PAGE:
BLUE MOUNDS, Wis. – Milking cows is an optimistic venture right now with March 2022 Class III prices at $22.45 per hundredweight, as reported by the United States Department of Agriculture. Yet, that is not the whole story as input costs continue to reach historic highs.  
    “Healthy soils are key,” Scott Wood said. “It’s important to remember that diversity above the ground influences diversity below the ground.”
    Wood is a consultant with Midwestern BioAg headquartered in Blue Mounds, Wisconsin.
    The current markets reflect fertilizer prices rising substantially year over year, in some cases nearly doubling from 2021 to 2022.
     Todd Dirkes is a retail manager for Nutrien Ag Solutions in Sauk Centre, Minnesota.
    In the Upper Midwest, the fertilizer cost for 1 acre of corn is about $260; total input costs are about $800 per acre of corn. This is about $200 more than the spring of 2021, Dirkes said.  
    “Depending on when the grower put fertilizer on the acre, those costs vary a little bit,” he said. “The fall-applied phosphorus and potassium was a little cheaper than it is today.”
    Coupled with the dwindling supply of inputs and record fuel prices, navigating the market and safeguarding a future in farming will look differently in the months ahead.
    Wood said livestock farmers have two advantages that non-livestock farmers don’t have.
     “With livestock comes the value or credit of what those livestock produce, manure,” he said. “And, crop rotation with legumes. Dairy farmers have to maximize the value of both those things this year.”
    The practice of cover cropping has become increasingly popular in the dairy industry as a way to change soil structure and create more resistant, healthier soils.
    “The goal is to enhance or reduce the demand for synthetic nutrients,” Wood said. “This isn’t to say that every farm shouldn’t have to use potassium or nitrogen, but that they have a budget and can ultimately reduce the amount of fertilizer they’re putting on in markets like what we’re seeing.”
    If synthetic nutrients are still needed, with the right soil management practices, applying fertilizer may be able to be deferred until fall in the event that input costs are reduced by then.
    “Rather than doing a dry application on a hay crop, look at doing a foliar which is less expensive,” Wood said. “This temporarily gives us the volume and quality of forages a farmer may need.”
    Wood also encourages dairy producers to consider seeding down more forages, like alfalfa and grasses, on their fields this planting season. Not only will a rotation on the fields lead to healthier soils, those particular forages are highly nutrient-dense crops that can reduce mineral purchases by up to 10%.
    “Look (beyond) yields,” Wood said. “You want the yield. Don’t sacrifice it. But, better-quality leads to better digestibility. If the soils are mineralized, plants will absorb it and that should lead to a reduction in out-of-pocket costs.”
    The factors leading dairy farmers to rethink their field management because of the high input costs have culminated in a perfect storm scenario.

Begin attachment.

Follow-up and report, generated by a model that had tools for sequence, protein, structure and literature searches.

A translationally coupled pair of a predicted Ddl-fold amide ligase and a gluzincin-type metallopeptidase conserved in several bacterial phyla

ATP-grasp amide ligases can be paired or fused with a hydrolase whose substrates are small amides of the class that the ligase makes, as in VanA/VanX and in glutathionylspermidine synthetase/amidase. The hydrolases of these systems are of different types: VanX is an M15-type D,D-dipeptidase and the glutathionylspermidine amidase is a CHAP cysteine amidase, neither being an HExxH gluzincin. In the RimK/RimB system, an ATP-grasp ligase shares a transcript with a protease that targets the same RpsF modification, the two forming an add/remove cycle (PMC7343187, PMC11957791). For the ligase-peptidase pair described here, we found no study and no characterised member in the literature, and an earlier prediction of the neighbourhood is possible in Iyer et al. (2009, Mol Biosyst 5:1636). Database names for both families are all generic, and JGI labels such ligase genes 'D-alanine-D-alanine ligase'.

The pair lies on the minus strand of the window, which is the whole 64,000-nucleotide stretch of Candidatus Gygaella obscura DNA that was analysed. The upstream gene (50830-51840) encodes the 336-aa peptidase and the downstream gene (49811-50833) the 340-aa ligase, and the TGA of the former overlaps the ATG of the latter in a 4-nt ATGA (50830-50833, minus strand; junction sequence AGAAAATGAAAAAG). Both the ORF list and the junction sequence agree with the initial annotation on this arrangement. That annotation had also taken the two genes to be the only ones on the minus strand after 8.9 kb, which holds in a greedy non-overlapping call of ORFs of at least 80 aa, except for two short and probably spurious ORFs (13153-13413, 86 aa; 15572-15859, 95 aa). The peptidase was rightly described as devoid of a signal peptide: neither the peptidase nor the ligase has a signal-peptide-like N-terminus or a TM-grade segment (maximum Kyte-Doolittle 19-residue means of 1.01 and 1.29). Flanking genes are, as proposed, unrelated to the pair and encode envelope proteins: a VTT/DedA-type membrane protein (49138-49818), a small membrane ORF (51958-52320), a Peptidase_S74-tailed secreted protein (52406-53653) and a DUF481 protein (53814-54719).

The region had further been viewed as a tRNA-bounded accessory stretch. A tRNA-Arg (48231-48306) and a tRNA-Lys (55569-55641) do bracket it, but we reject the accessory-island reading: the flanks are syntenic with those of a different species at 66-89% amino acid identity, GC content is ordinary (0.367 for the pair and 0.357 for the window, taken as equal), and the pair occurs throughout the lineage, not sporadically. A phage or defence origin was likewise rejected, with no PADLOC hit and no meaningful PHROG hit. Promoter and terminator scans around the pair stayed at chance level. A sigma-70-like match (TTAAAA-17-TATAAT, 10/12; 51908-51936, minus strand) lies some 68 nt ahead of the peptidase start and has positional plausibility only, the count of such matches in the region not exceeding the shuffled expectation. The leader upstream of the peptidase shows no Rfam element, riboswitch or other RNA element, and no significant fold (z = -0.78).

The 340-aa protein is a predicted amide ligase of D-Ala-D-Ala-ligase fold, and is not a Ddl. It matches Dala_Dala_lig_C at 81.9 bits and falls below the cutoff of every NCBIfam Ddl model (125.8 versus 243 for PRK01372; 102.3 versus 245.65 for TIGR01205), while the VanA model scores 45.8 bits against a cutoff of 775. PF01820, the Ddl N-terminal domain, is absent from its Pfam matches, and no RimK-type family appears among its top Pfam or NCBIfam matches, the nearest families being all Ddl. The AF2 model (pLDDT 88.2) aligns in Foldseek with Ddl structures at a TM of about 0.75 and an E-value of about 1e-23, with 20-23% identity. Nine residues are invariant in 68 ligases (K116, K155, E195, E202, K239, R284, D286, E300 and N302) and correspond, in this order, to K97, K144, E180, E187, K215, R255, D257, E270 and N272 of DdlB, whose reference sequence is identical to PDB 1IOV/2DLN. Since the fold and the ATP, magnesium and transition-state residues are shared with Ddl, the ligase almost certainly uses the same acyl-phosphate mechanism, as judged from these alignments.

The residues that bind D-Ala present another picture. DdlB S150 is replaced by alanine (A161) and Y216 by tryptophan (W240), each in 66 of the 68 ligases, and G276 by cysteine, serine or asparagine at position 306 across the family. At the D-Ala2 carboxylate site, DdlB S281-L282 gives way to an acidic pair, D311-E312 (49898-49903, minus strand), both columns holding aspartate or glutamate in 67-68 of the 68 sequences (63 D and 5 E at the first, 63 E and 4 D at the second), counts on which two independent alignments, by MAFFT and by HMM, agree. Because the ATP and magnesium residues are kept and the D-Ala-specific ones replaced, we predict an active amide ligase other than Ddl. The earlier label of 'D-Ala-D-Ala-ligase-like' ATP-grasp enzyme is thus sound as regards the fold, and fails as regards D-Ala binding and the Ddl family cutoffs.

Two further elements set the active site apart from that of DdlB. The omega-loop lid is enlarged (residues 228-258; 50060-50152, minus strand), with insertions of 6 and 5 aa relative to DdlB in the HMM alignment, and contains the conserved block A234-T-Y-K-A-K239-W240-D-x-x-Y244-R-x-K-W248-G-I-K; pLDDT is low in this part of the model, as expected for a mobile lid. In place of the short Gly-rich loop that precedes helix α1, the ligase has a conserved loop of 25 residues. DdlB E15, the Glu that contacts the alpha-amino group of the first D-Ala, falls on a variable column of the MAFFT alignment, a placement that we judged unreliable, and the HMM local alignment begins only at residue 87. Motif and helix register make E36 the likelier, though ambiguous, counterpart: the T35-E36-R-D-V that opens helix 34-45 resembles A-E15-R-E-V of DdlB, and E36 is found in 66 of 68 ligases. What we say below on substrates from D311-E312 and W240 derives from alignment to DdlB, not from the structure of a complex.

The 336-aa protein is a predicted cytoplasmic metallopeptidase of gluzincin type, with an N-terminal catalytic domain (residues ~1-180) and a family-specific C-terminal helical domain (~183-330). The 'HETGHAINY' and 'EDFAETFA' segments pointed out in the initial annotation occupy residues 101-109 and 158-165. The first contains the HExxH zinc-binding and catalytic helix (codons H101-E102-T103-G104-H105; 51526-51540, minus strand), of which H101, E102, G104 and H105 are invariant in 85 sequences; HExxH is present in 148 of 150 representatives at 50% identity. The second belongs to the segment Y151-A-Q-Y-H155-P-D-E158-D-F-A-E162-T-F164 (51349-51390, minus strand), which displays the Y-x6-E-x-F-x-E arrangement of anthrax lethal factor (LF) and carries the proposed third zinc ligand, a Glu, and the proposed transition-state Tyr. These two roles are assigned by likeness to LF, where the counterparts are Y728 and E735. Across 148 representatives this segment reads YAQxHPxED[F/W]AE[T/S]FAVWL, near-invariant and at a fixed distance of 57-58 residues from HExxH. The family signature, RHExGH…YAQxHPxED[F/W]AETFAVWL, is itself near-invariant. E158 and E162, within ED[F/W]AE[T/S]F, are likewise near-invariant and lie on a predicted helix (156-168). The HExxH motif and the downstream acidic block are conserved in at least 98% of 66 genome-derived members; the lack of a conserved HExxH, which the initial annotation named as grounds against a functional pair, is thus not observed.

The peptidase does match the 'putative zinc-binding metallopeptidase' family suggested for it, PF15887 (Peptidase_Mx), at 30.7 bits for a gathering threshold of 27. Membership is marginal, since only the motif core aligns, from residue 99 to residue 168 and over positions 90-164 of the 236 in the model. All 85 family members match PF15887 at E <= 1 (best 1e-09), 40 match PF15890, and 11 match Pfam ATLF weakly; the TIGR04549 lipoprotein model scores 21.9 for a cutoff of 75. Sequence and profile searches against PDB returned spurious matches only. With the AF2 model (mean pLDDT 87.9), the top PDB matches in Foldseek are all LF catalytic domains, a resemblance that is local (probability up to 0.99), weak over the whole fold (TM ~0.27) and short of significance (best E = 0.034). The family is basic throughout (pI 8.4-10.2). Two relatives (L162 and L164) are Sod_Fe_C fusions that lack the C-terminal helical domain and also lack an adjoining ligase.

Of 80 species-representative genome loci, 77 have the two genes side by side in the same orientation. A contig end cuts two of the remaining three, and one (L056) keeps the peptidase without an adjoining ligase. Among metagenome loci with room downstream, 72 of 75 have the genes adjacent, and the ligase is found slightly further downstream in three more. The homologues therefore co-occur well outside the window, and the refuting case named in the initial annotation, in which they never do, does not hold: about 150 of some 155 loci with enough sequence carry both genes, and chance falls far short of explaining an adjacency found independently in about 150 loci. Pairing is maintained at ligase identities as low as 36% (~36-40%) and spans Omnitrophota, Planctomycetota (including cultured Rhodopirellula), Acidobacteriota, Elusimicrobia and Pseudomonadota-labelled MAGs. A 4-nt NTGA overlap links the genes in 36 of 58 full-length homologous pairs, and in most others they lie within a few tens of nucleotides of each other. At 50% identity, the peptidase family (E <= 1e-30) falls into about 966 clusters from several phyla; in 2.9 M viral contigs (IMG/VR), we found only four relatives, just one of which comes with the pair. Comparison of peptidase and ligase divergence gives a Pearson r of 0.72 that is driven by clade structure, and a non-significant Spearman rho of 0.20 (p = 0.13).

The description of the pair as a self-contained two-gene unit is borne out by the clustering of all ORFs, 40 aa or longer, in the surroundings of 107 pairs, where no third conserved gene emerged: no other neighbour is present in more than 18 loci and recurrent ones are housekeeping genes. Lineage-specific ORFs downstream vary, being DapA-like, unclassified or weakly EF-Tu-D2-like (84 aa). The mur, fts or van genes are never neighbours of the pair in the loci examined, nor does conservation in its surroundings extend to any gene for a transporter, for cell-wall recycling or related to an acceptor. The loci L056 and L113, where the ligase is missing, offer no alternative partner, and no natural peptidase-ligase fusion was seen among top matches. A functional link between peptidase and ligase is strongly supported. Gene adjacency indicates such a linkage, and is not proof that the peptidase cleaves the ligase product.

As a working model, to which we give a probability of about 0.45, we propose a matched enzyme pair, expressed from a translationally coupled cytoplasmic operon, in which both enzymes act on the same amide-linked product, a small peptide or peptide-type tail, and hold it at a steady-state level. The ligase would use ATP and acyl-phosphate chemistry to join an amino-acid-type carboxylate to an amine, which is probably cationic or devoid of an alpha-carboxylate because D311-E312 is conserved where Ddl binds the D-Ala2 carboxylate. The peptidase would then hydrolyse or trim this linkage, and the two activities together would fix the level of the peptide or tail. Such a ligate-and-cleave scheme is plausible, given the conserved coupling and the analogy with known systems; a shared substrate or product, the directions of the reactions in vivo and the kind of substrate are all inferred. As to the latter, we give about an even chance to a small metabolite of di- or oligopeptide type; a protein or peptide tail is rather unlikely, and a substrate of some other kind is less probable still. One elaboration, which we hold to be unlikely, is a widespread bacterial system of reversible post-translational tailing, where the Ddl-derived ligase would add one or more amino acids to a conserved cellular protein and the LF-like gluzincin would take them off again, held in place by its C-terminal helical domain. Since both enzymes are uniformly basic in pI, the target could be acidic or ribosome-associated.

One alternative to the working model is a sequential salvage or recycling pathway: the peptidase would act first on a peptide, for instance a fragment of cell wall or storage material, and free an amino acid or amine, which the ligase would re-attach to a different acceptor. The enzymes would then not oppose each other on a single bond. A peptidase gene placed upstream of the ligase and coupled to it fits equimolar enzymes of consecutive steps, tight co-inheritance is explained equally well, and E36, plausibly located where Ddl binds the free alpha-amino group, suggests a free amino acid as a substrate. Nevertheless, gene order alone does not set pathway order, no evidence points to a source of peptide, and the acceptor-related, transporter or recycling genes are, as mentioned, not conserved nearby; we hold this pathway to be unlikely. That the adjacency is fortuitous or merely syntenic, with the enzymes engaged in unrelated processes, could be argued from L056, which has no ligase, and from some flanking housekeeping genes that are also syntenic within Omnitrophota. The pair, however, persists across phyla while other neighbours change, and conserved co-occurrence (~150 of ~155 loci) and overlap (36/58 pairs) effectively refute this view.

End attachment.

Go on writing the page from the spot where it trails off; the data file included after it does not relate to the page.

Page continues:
Foremost, fertilizer and chemical prices respond to petroleum prices.
    “In establishing a crop, whether row or hay, it is affected greatly by petroleum prices,” Wood said. “Some farmers took advantage last year and prepaid for products as late as December, even as prices increased.”
    The prices have also been a knee-jerk reaction to the Russia-Ukraine war with a significant amount of pot ash and potassium sourced from that area of the globe. Within the United States, a hurricane last year caused one of the largest nitrogen producers to shut down. And too, the bottleneck of bringing in imports from cargo ships has affected the supply chain much like other industries have felt.
    “It’s been a domino effect,” Wood said. “There are a lot of things that happened to add up at exactly the wrong time.”
    Dirkes agreed.
    “This has been a little longer term than everybody thinks,” he said. “We don’t see the chemical situation clearing up fast either. At this point, we believe it’ll take at least a year before we see the stresses of supply issues come off.”
    Unfortunately, this situation is nothing new to the industry.
In 2012, the last time the Upper Midwest saw a severe drought, grain prices increased, and farmers were encouraged to convert grazing or forage acres to cash crops.
    Wood said that works temporarily.
    “In that timeframe, we saw a lot of land where fence lines were taken out to gain more acreage for that high value crop,” he said.
    Those prices plummeted two years later.
    “It got to the point where some farmers didn’t know how they were going to survive,” Wood said. “I’m afraid what we have currently, that might put us there in two to three years from now where lower crop prices can barely support inputs.”
    While the world waits for petroleum prices to come down or a normalcy is reached in the markets, Wood encourages farmers to get their soils tested and go back to the management basics of crop production. Testing soils every four years provides a blueprint of abundant and deficient nutrients. Then, take that knowledge and make decisions appropriate for the farming operation.
    Most importantly, prepare and farm forward.
    “Farmers are good managers and manage through all scenarios and stresses,” Wood said. “Know the differences of your nitrogen, potassium and phosphorus sources, and be mindful that the cheapest fertilizer ingredient can be the most detrimental to your fields.”